Hello, Frank Indiviglio here. As a native of NYC, I’m no stranger to the natural wonders to be found there. In my time, I’ve filled quite a few notebooks with pleasant surprises…coyotes in Manhattan, Pine Voles in the Bronx, Red Salamanders on Staten Island, 1,000+ insect species, 13 herps, 250+ birds, red and gray fox on the grounds of the Bronx Zoo, and many more. New species have been discovered as well, but most have been small and secretive, such as the undescribed centipede recently found living in Central Park. But the existence of a sizable, gaudy frog that calls loudly each spring, living undetected within city limits, took the herpetological community very much by surprise.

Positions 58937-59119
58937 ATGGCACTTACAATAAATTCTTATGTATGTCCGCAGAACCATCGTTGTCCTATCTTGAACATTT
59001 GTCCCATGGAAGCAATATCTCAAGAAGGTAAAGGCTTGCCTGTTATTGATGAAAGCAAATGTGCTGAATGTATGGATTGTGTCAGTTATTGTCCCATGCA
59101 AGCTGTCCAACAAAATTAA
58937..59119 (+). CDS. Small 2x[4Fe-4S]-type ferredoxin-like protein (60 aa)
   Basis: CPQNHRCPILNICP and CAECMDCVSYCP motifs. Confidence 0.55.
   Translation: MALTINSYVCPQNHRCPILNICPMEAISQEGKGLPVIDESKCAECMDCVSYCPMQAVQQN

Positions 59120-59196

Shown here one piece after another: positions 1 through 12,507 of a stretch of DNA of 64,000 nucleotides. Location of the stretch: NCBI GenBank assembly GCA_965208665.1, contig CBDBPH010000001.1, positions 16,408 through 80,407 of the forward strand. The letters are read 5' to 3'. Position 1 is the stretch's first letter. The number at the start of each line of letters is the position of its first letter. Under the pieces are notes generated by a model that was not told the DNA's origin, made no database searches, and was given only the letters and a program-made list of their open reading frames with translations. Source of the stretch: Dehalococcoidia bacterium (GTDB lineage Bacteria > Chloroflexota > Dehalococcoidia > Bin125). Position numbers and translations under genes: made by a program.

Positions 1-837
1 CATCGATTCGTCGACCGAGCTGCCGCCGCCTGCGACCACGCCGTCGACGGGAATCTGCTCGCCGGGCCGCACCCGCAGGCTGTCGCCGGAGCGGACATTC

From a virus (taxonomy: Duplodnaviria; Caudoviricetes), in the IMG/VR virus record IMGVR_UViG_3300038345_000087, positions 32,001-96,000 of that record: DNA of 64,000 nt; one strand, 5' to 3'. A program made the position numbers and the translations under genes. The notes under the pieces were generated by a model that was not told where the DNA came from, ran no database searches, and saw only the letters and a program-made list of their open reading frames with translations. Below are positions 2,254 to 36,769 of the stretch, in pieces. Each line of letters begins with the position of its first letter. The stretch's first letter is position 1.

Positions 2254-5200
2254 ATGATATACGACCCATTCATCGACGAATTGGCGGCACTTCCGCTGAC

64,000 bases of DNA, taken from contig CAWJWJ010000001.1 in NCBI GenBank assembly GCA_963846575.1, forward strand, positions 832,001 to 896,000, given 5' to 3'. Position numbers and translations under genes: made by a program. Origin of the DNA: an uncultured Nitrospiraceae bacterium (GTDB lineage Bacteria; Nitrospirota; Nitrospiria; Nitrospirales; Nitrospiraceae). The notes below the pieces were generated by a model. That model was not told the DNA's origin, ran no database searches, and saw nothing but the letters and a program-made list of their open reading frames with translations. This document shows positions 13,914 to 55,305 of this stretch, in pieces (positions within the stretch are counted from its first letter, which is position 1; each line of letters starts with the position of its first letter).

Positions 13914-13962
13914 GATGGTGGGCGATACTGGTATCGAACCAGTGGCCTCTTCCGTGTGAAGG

Sharp Ears Lead to a New Species
Northern Leopard Frogs, Rana (Lithobates) pipiens, have been recorded in NYC, but are rarely encountered today. The area also forms the northernmost limit of the range of the Southern Leopard Frog, R. pipiens; never common, it may now be locally extinct.
It was during a search for Leopard Frogs in the NYC borough of Staten Island that a Rutgers’ University doctoral student noticed that the frog calls he was hearing were unique… similar to, yet different from, those of both Northern and Southern Frogs. Hybrids, perhaps? Read More »